De-emphasizing the manhood of Christ
NIV 1 Corinthians 15:21: For since death came through a man, the resurrection of the dead comes also through a man.
TNIV 1 Corinthian 15:21: For since death came through a human being, the resurrection of the dead comes also through a human being.
Comment: Here the Greek word is anthropos, which can mean either "man" or "person," depending on context. But in this context it refers to Adam and Christ and the meaning "man" is appropriate. What is the objection to calling them "men"?
NIV Hebrews 2:17 For this reason he had to be made like his brothers in every way, in order that he might become a merciful and faithful high priest in service to God, and that he might make atonement for the sins of the people.
TNIV Hebrews 2:17: For this reason he had to be made like his brothers and sisters in every way, in order that he might become a merciful and faithful high priest in service to God, and that he might make atonement for the sins of the people.
Comment: Did Jesus have to become like his sisters "in every way" in order to become a "high priest in service to God"? All the Old Testament priests were men, and surely the high priest was only a man. This text does not quite proclaim an androgynous Jesus (who was both male and female), but it surely leaves open a wide door for misunderstanding, and almost invites misunderstanding. Meditate on that phrase "in every way" and see if you can trust the TNIV.
Removing whole phrases from the bible
NIV Matthew 7:4: How can you say to your brother, 'Let me take the speck out of your eye,' when all the time there is a plank in your own eye?
TNIV Matthew 7:4: How can you say ___________, 'Let me take the speck out of your eye,' when all the time there is a plank in your own eye?
NIV Matthew 15:5 . . . if a man says to his father or mother, 'Whatever help you might otherwise have received from me is a gift devoted to God,'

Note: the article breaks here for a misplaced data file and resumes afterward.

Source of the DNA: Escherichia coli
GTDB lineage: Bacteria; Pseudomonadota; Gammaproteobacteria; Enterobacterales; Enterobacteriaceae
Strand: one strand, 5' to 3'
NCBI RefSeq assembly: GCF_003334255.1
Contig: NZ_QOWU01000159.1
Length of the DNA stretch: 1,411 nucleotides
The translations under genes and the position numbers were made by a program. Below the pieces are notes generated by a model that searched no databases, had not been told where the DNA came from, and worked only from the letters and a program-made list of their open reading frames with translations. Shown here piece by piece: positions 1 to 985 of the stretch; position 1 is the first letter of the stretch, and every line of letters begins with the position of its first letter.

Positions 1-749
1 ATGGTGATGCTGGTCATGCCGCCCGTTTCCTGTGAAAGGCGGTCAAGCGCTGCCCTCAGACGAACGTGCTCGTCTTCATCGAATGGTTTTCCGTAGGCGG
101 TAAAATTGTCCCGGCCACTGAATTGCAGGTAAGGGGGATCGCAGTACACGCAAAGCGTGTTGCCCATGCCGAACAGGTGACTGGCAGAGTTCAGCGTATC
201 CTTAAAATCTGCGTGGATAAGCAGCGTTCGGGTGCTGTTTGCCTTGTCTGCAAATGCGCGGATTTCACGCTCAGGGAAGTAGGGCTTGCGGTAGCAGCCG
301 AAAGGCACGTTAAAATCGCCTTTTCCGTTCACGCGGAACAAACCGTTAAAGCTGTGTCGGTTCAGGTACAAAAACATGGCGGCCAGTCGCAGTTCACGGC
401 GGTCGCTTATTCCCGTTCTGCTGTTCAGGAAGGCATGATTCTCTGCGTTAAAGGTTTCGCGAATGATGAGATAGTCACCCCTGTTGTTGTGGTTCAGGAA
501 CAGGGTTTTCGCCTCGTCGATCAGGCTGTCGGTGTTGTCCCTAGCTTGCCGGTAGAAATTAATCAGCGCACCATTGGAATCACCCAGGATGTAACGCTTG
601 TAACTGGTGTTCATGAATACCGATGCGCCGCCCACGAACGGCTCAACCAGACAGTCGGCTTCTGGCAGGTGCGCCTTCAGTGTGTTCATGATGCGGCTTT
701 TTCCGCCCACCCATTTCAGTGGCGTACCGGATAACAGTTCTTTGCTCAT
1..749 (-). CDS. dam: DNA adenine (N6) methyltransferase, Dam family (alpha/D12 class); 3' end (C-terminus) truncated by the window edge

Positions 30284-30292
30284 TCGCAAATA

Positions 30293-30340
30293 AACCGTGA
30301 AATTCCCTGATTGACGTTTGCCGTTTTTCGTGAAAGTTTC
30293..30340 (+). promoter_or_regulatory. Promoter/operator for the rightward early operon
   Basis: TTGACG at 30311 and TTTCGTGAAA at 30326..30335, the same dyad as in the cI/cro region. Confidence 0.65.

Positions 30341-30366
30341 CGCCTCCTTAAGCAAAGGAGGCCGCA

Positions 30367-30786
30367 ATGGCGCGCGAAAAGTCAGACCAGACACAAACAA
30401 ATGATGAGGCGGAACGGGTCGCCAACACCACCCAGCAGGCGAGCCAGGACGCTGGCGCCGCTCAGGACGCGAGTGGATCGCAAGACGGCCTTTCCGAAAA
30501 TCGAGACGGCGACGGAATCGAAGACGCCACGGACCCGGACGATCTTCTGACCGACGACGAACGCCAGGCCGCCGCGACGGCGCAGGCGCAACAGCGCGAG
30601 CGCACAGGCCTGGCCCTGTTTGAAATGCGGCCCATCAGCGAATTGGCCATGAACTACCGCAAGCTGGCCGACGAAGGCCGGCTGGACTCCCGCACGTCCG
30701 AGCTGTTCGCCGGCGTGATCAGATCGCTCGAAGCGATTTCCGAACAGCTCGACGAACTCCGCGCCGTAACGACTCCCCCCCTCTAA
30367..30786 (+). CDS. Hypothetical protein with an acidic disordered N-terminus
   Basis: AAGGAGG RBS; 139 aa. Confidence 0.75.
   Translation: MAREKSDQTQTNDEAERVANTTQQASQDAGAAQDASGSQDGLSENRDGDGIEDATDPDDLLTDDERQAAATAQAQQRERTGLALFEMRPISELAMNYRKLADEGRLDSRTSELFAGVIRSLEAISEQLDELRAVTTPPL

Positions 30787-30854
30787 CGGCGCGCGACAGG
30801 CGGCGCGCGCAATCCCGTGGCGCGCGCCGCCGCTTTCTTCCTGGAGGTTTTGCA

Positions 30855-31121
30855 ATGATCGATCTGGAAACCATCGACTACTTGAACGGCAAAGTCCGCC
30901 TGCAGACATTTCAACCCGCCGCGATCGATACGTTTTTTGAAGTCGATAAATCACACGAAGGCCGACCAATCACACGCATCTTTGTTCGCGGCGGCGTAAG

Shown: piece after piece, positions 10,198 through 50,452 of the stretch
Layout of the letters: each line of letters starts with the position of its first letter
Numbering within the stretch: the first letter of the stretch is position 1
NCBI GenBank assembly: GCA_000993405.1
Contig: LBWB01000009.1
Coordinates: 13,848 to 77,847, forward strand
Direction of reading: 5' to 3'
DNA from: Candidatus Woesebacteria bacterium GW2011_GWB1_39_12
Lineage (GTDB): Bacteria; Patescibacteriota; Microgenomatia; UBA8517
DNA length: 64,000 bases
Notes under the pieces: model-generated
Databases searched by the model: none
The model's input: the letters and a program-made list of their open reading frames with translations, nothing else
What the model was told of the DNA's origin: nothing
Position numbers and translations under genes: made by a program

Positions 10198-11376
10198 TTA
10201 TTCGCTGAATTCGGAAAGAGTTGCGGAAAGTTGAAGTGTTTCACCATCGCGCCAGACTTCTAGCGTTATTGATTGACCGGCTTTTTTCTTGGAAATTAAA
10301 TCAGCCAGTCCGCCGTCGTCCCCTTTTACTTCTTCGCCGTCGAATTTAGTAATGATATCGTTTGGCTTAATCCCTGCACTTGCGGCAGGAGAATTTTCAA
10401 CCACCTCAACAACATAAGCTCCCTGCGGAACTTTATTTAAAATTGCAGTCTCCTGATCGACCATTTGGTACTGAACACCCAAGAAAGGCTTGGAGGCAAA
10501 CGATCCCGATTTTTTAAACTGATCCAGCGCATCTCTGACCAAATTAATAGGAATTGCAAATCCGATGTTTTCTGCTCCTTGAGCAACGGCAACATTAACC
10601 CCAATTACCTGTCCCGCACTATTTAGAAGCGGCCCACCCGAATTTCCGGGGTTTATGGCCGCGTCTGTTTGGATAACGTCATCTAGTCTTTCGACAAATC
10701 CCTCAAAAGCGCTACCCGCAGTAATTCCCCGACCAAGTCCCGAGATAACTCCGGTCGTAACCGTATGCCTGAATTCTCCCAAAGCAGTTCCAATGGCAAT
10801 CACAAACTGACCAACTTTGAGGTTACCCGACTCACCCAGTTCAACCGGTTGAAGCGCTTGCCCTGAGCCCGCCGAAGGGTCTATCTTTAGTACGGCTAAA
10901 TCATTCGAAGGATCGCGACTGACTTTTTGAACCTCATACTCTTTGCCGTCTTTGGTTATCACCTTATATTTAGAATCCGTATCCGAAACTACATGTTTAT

TNIV Matthew 15:5: . . . if anyone declares _______________ that what ____ might have been used _______ to help their father or mother is 'devoted to God,'
Expanding the penalty for adding to the words of Scripture
NIV Revelation 22:18 I warn everyone who hears the words of the prophecy of this book: If anyone adds anything to them, God will add to him the plagues described in this book.
TNIV Revelation 22:18: I warn everyone who hears the words of the prophecy of this scroll: If any one of you adds anything to them, God will add to you the plagues described in this scroll.
Comment: The first "you" added by the TNIV is plural, referring to the whole group of hearers. Therefore the second "you" is also plural, and if anyone in the group adds to the words of prophecy the penalty is now expanded to the whole group.
Objections by TNIV defenders
The defenders of the TNIV respond, "But all translations make these kinds of translation decisions." No, they do not. They do not systematically remove hundreds of male-specific terms when there is a male-oriented term in the original, nor do they change hundreds of singular verses to plural just to avoid using the word "he."
Defenders of the TNIV fail to mention that in the major "essentially literal" translations (such as the ESV, NASB, HCSB, and NKJV) translating singulars as plurals is rare, done only in unusual cases like collective nouns that have a singular form in Greek but require a plural for the same plural sense in English, or neuter plural subjects that take a singular verb because of a particular feature of Greek grammar that does not match what English does. In addition, there are some difficult Old Testament poetic verses where the Hebrew pronouns shift frequently in ways difficult for anyone to understand. But these are unusual exceptions.
To say that "the TNIV is just doing what all translations do" is not coming clean with the Christian public regarding the extent of the changes. It is like saying that a student who misspelled 100 words in a term paper "is just doing what the teacher does" because she misspelled one difficult word in class five months ago. It is not the same.